accounts reflect the ownership of the property accurately?
It is becoming increasingly common that only a few of the
partners within a partnership will own a share of the practice
property. Therefore, if not all the partners have
a share in the property, it is important that the accounts
clearly reflect who does own it. Otherwise it can
cause financial implications for the partnership as a whole.
We were approached by a GP whose partnership split on 31st
March 2004. He has a lot of money left in the practice
and is concerned as to how he will be paid this money due
to the fact that the practice bank account is overdrawn.
The only assets the practice has are the fixtures and fittings
which have a very small value and the property. He
does not own a share of the property, as this is owned by
only three of the five partners in the practice.
The first problem was that, looking at the partnership
accounts, it was not clear who actually owned the property.
The reason for this was that as profits had been shared
in profit sharing ratios with no prior allocations, both
the non property owning partners had actually received a
share of cost rent income and had also been charged with
a share of mortgage interest even though they did not own
the property. Because of this, it could be argued that they
did, in fact, also own a share of the property.
Practices who own their property will receive either cost
rent or notional rent income. This income is used
towards paying the cost of the mortgage on the property.
It is normal accounting practice to allocate this
income between the property owning partners together with
the related mortgage interest. Even if all partners
in the practice own the property, they may own it in different
shares to their profit sharing ratios so it should be prior
allocated before the balance of profits is split in the
profit sharing ratios.
Another problem for this practice was that the accounts
do not separately identify each partner's capital that related
to their investment in the property and the capital which
related to their investment in the working capital of the
If a practice owns their surgery premises and the property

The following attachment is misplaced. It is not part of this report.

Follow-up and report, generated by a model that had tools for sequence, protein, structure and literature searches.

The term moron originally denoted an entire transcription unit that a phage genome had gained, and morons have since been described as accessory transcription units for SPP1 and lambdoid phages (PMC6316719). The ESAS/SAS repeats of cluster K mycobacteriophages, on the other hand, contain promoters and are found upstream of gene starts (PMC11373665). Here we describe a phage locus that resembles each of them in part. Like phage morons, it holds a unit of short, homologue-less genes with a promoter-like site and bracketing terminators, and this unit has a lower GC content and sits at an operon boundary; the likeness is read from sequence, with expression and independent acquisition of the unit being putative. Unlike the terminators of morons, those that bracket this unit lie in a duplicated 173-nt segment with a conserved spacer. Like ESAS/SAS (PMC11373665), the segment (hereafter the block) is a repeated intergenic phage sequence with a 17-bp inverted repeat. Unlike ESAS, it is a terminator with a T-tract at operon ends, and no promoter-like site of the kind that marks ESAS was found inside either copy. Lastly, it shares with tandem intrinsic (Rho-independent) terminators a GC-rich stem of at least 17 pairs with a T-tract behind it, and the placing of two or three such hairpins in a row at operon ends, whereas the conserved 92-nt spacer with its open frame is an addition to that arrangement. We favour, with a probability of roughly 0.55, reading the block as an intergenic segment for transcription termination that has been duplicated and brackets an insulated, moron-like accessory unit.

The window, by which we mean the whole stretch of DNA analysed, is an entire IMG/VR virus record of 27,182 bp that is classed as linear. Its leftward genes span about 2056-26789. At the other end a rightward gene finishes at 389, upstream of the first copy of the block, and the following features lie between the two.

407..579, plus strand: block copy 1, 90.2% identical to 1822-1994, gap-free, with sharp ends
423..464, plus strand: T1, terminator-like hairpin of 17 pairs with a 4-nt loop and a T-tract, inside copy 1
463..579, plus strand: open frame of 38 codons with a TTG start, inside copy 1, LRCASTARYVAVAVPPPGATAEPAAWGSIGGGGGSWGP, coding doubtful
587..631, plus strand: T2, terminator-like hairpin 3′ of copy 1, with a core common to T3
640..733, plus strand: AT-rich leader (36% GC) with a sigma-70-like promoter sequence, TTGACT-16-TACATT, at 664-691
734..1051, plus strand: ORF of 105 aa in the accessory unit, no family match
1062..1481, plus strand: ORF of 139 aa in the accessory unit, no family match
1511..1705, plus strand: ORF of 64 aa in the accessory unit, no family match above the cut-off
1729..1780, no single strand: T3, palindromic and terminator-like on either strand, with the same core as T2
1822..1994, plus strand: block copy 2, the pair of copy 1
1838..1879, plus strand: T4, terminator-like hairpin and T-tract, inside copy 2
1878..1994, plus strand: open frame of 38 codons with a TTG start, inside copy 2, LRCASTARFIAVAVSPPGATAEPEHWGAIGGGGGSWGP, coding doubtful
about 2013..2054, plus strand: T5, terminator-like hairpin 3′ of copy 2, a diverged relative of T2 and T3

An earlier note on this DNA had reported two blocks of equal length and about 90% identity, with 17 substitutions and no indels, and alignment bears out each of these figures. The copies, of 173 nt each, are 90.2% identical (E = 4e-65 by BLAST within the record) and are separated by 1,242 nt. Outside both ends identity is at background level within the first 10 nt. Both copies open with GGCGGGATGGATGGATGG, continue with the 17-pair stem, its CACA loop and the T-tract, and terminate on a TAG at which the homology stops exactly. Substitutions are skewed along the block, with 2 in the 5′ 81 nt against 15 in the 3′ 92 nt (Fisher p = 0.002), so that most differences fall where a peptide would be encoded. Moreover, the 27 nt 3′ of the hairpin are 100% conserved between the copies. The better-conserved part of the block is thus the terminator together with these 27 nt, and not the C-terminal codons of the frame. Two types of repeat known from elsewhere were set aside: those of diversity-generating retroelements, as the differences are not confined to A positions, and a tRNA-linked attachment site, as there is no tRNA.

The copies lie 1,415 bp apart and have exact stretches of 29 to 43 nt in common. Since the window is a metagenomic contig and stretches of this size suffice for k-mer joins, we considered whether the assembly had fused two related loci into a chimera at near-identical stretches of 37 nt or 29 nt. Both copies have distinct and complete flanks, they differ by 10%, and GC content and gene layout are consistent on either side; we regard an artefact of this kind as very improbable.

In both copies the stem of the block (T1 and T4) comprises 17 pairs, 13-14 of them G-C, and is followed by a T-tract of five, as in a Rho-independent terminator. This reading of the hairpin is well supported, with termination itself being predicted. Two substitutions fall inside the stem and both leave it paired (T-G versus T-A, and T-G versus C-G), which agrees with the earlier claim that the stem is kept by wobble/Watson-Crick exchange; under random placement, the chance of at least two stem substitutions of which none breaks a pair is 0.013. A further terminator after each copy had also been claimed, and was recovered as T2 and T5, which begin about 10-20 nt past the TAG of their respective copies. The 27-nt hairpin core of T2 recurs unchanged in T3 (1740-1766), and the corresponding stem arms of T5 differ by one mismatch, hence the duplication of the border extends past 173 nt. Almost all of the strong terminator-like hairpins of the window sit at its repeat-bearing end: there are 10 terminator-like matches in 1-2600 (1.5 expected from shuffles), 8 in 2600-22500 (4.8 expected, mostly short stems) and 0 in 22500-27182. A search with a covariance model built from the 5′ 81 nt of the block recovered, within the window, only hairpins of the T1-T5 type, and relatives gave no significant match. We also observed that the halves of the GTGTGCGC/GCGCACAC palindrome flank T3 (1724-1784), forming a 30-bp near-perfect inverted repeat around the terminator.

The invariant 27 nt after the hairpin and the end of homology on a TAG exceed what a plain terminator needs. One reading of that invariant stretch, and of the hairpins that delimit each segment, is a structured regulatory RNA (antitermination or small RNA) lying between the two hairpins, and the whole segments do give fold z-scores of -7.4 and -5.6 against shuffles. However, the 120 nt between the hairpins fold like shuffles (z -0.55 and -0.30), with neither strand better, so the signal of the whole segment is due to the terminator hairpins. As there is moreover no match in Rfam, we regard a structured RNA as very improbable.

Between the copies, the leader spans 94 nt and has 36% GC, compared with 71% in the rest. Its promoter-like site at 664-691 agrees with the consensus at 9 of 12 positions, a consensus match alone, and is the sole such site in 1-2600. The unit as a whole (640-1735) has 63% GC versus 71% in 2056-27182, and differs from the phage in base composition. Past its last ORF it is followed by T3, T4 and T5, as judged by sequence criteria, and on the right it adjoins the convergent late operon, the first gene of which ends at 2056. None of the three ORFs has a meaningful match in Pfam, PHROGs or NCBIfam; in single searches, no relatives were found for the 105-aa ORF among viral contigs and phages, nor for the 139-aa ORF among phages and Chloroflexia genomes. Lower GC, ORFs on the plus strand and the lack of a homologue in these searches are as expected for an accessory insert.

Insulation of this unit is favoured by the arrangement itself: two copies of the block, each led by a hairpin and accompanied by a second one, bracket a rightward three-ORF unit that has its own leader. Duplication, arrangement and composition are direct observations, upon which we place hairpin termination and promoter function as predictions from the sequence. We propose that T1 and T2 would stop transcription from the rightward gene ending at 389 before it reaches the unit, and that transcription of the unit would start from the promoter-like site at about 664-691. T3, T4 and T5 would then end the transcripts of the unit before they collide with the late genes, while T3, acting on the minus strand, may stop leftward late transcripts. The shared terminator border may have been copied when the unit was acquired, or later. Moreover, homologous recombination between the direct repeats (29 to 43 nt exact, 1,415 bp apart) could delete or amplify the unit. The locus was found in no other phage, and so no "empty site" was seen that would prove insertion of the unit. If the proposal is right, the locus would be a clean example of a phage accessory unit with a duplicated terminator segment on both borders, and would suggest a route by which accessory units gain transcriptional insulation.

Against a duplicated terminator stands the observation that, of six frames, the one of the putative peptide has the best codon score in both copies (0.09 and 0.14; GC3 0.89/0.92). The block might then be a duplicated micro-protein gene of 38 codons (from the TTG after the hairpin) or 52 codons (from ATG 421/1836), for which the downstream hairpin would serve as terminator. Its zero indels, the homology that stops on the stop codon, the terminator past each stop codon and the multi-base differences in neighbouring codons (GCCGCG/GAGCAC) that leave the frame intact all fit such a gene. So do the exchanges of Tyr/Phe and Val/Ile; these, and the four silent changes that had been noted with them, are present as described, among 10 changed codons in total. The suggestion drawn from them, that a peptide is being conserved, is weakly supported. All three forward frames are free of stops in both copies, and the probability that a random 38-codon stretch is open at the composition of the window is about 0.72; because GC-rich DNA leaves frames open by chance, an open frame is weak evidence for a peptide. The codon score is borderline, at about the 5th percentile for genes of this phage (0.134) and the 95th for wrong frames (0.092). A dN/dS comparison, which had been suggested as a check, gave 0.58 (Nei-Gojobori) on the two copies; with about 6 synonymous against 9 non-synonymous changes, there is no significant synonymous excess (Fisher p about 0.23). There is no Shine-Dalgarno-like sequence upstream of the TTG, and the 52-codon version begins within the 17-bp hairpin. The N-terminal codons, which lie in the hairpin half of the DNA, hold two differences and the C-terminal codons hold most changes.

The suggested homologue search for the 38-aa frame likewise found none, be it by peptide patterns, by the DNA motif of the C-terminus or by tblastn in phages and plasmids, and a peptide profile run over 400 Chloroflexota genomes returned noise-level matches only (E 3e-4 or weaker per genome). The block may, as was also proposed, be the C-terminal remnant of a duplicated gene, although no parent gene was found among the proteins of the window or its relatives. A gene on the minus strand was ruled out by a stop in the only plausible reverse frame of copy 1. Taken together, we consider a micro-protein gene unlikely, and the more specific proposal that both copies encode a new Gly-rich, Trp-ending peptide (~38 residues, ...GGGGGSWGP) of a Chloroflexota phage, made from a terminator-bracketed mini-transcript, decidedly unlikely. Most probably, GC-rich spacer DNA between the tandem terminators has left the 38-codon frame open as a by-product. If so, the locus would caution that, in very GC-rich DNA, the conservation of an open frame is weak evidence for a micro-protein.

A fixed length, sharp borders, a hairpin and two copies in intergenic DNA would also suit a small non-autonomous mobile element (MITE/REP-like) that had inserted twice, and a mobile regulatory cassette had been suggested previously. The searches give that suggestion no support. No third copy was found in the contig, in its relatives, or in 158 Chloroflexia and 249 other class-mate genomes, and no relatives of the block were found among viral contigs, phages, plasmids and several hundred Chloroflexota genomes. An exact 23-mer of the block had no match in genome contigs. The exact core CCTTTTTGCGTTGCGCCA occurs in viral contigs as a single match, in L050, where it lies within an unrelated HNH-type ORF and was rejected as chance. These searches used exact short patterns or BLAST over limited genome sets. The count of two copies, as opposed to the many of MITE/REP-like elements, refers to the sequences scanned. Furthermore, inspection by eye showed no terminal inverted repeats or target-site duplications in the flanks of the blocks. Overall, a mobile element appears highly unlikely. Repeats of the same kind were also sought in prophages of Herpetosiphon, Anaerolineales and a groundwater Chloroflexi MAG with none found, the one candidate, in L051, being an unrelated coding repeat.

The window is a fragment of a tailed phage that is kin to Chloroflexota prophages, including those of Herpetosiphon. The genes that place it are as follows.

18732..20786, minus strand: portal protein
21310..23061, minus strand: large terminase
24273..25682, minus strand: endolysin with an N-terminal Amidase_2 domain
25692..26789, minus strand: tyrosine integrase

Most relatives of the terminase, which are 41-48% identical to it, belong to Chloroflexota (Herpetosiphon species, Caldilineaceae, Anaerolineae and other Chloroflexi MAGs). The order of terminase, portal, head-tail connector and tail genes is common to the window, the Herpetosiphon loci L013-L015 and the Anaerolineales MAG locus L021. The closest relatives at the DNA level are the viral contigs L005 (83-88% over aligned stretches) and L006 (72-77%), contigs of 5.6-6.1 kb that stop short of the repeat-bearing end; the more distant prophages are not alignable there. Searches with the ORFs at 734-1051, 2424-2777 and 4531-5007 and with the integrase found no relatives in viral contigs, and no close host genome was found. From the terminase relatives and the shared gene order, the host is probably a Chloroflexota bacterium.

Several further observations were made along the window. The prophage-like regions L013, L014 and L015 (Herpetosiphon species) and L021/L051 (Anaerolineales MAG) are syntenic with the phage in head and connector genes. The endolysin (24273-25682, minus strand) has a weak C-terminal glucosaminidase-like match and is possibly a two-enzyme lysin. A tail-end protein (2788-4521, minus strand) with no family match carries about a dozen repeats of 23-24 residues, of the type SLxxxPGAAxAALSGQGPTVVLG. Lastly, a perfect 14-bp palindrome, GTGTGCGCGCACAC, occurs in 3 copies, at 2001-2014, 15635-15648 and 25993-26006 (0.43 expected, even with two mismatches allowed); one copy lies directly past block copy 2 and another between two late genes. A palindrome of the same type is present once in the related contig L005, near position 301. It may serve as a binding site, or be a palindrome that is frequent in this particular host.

is included in the accounts with the related mortgage, there
should be separate capital accounts which show each partner
investment in the net equity of the property. This
also clarifies which partners own the property and their
share of it.
Each partner's investment in the working capital is normally
shown as a "current account", this would be a
partner's share of profits less drawings. Current
account values are increased by profits earned and decreased
by drawings. A partner is only entitled to draw their
share of profits from the practice. A partner's current
account balance would increase if their drawings were less
than their profits or decrease if their drawings were more
than their profits.
If a partner left, they would be entitled to their current
account balance, if this was overdrawn then they would have
to repay this to the practice as this means they have taken
more money from the practice than they are entitled to.
A partner would only be entitled to their capital account
balance if they sold their share of the property.
The implication for this practice of not separating out
the capital which relates to the net equity, means that
the practice could not identify the partners' profits which
had not been drawn out. Therefore they would not know if
any partner had actually taken more drawings than their
share of profits.
For this GP's partnership, once the net equity had been
separated out from the balances on the capital accounts,
it showed that two of the property owning partners had actually
taken more drawings from the practice than they were entitled
to. These partners owed the practice nearly £20,000
each which had accumulated over several years of overdrawing.
As the practice had dissolved, these partners would
need to repay this money into the practice so that the other
partners, who had left money in the practice would be able
to be repaid what was owed to them.
One of the reason's why the partners' current accounts
showed that they had taken more drawings than profits was
due to the non property owing partners receiving a share
of cost rent income which they were not entitled to. The
allocation of profit had not followed the intentions of
the partners. This income should have only been allocated
to the property owing partners. If all partners agreed they
could put an adjustment through the dissolution accounts
to correctly amend this. However as all the previous accounts
had been signed and agreed by all partners, the non property
owing partners could argue that the accounts be left as
It is important to ensure that your accounts correctly
reflect the ownership of the property and to ensure profits
have been correctly allocated. If for this practice,
the net equity had been shown separately, this practice
would have been able to clearly identify each partner's
profits which had not yet been drawn and could ensure that
no partner drew more than they were entitled to. This
would avoid the problem of asking leaving partners to repay
money back to the practice, which could be large sums of